“He had the world at his feet but then he chose to return here to private medical practice and live out the rest of his life in relative obscurity,” according to writer Quah Seng Sun.

“He was a real Anak Pulau Pinang, a real Son of the Penang Free School.”

A medical prodigy from small-town Penang

Dr Wu Lien-teh was born in Penang, Malaya in 1879. As a student, he attended Penang Free School and was awarded with the prestigious Queen’s Scholarship in 1896, with which he enrolled to study medicine at Emmanuel College, Cambridge.

His brilliance shone from a young age – not only did he to win all possible awards and scholarships in a class of 135 medical students, he also completed his medical degree two years ahead of the requirement, and became the first Malaysian to graduate with an MD from the University of Cambridge.

Dr Wu Lien-teh. Photo credit: Wikipedia
Dr Wu Lien-teh. Photo credit: Wikipedia

Wu went on to continue his postgraduate research at the School of Tropical Medicine in Liverpool under Sir Ronald Ross, the 1902 Nobel Laureate for Physiology. He then joined the Pasteur Institute in Paris to research on malaria and tetanus before returning to Malaya in 1903, where he entered the Institute for Medical Research in Kuala Lumpur to investigate beri-beri, a disease that affected many Chinese tin miners in Malaya at the time.

Forthrightness in social issues forced Wu to leave Malaya

Shortly after, he returned to Penang to enter private practice. Inundated by the widespread addiction of opium in his hometown, which was particularly rampant amongst the Chinese laboring class, he founded the Anti-Opium Association to campaign against the use of opium, even though profits from opium trade largely contributed to the colonial revenue in the country.

Unfortunately, his bold act pitted him against the powerful British colonists as well as the triad-linked Chinese tycoons, and he was soon framed by these connections. In early 1907, Wu was charged and prosecuted for possession of 28 grams of tincture of opium that was found in the cupboard of his clinic, even though the cupboard was already in his clinic which he had purchased from a British doctor.

At this juncture, Wu received an invitation from the Chinese Government in Peking to become the Vice-Director of the Imperial Army medical College in Tianjin. He accepted the post, and in 1910, went to Harbin in northern Manchuria to address a deadly health crisis – a pneumonic plague pandemic.

Nominated for Nobel prize for victory against the plague

Wu tirelessly immersed himself in research, working with scientists from United States, Germany, Russia as well as Mexico to fight the disease. He performed the first known post-mortem – deemed an act of desecration by the Chinese – and discovered the bacterium Yersinia Pestis.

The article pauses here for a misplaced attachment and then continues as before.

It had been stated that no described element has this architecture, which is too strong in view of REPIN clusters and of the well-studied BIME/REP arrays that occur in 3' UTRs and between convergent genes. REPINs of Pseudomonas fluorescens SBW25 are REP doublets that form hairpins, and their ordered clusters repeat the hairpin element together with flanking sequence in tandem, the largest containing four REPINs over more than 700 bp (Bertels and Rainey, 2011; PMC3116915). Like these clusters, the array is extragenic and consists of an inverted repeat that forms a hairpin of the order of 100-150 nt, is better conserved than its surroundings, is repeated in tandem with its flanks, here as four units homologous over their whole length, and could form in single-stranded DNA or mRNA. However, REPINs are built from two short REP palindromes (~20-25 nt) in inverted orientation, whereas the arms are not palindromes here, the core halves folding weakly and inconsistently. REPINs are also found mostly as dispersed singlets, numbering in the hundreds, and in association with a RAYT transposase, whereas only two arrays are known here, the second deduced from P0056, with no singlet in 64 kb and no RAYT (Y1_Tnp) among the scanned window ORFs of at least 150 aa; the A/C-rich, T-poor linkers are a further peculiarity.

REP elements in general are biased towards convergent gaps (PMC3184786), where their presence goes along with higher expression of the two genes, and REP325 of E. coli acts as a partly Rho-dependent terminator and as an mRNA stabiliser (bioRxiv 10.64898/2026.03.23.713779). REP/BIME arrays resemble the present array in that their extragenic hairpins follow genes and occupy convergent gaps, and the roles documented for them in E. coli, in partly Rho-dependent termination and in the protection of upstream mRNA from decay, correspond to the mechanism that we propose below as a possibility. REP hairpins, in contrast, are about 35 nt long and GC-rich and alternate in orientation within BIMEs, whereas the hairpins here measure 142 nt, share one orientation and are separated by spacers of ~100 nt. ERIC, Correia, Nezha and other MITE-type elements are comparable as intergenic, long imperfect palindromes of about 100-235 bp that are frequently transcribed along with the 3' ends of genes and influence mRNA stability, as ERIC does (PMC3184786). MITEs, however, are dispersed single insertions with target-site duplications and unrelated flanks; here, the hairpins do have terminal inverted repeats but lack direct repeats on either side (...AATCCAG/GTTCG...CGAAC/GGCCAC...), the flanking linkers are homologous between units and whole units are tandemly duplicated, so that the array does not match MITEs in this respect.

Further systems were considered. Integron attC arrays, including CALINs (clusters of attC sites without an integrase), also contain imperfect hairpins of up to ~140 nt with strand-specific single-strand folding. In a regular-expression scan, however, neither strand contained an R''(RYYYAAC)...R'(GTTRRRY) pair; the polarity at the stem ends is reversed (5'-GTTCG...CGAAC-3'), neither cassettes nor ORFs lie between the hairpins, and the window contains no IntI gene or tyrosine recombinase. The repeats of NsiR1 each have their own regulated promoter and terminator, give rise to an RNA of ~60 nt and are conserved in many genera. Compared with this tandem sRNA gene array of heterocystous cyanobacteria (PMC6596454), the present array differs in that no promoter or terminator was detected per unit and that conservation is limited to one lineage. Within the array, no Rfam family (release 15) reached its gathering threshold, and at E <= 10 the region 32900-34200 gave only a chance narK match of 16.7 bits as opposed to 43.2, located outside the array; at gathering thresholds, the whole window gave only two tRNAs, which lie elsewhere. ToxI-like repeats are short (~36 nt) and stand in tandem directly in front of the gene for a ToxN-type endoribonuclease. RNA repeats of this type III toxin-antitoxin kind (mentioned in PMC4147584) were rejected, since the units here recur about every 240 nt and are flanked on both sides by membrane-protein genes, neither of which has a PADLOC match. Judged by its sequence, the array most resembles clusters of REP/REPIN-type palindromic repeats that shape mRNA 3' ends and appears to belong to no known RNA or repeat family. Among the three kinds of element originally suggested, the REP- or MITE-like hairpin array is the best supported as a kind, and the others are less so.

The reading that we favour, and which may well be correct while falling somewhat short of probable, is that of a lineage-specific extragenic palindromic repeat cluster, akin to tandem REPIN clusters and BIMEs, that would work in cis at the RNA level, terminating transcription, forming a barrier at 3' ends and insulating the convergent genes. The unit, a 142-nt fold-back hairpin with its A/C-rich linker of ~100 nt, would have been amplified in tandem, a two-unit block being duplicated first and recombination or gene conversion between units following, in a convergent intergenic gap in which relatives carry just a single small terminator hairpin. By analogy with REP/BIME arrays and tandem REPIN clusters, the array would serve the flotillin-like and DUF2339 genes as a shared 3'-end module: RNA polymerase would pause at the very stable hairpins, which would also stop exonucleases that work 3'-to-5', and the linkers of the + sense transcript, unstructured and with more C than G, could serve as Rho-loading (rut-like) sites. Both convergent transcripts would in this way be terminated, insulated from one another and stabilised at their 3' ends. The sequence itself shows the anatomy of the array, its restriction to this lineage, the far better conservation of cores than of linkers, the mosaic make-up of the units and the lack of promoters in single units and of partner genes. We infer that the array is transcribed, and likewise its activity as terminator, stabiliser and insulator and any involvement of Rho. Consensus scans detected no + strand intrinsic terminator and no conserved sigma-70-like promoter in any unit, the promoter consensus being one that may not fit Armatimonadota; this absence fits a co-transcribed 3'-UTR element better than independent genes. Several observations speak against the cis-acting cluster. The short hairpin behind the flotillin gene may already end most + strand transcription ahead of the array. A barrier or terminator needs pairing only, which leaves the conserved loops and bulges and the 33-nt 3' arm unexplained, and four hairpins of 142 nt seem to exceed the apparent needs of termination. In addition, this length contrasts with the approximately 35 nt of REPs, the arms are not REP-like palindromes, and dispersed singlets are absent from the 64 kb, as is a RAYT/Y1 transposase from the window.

His discovery concluded that the epidemic was a pneumonic plague, which could be transmitted through droplet contact from an infected individual to another, a starkly contrary view to the initial idea that the disease could only be transmitted by vectors.

Under Wu’s advice, Russian and Japanese railway authorities ceased all train operations in 1911 and movement of the population was limited. Patients were hospitalised and their homes were disinfected, and the public was urged to don gauze-and-cotton masks.

Dr.Wu (centre) with Tunku Abdul Rahman (left) and Tan Cheng Lock, taken in Ipoh in the late 50s. Photo credit: The Star Online
Dr.Wu (centre) with Tunku Abdul Rahman (left) and Tan Cheng Lock, taken in Ipoh in the late 50s. Photo credit: The Star Online

Against protests by the Chinese, Wu sent a memorandum to the Emperor in 1911 and was granted permission for mass cremation of thousands of unburied bodies of those who had succumbed to the disease.

On 1 March 1911, the last case of the Manchurian bubonic plague was recorded, and the seven month epidemic that killed nearly 60,000 people finally came to an end. Wu became the China Medical Association’s first president from 1916 to 1920, during which he helped set up over 20 hospitals. He was regarded as the father of modern medicine by the Chinese. In 1930, he was appointed as the first director of the National Quarantine Service in China.

For his contributions, Wu was conferred honorary doctorates by Peking University, Hong Kong University and Tokyo University, and was nominated for the Nobel prize in 1935.

A remarkable man with extraordinary vision

Wu’s work in China came to an abrupt halt in 1937 during the Japanese invasion, and he returned to Malaya. He opened a clinic at Brewster Road, now renamed as Jalan Sultan Idris Shah, in Ipoh where he provided free medical treatment for the poor and also helped set up the Perak state library.

Wu continued his work as a doctor until the age of 80 and passed away in 1960, aged 81 years, after suffering a stroke.

“By his death, the world of medicine has lost a heroic and almost legendary figure and the world at large one of whom it is far more indebted to than it knows,” wrote The Times London that year.

However, his work remains unforgotten and Wu is honoured globally as one of the greatest contributors to modern medicine. MIMS

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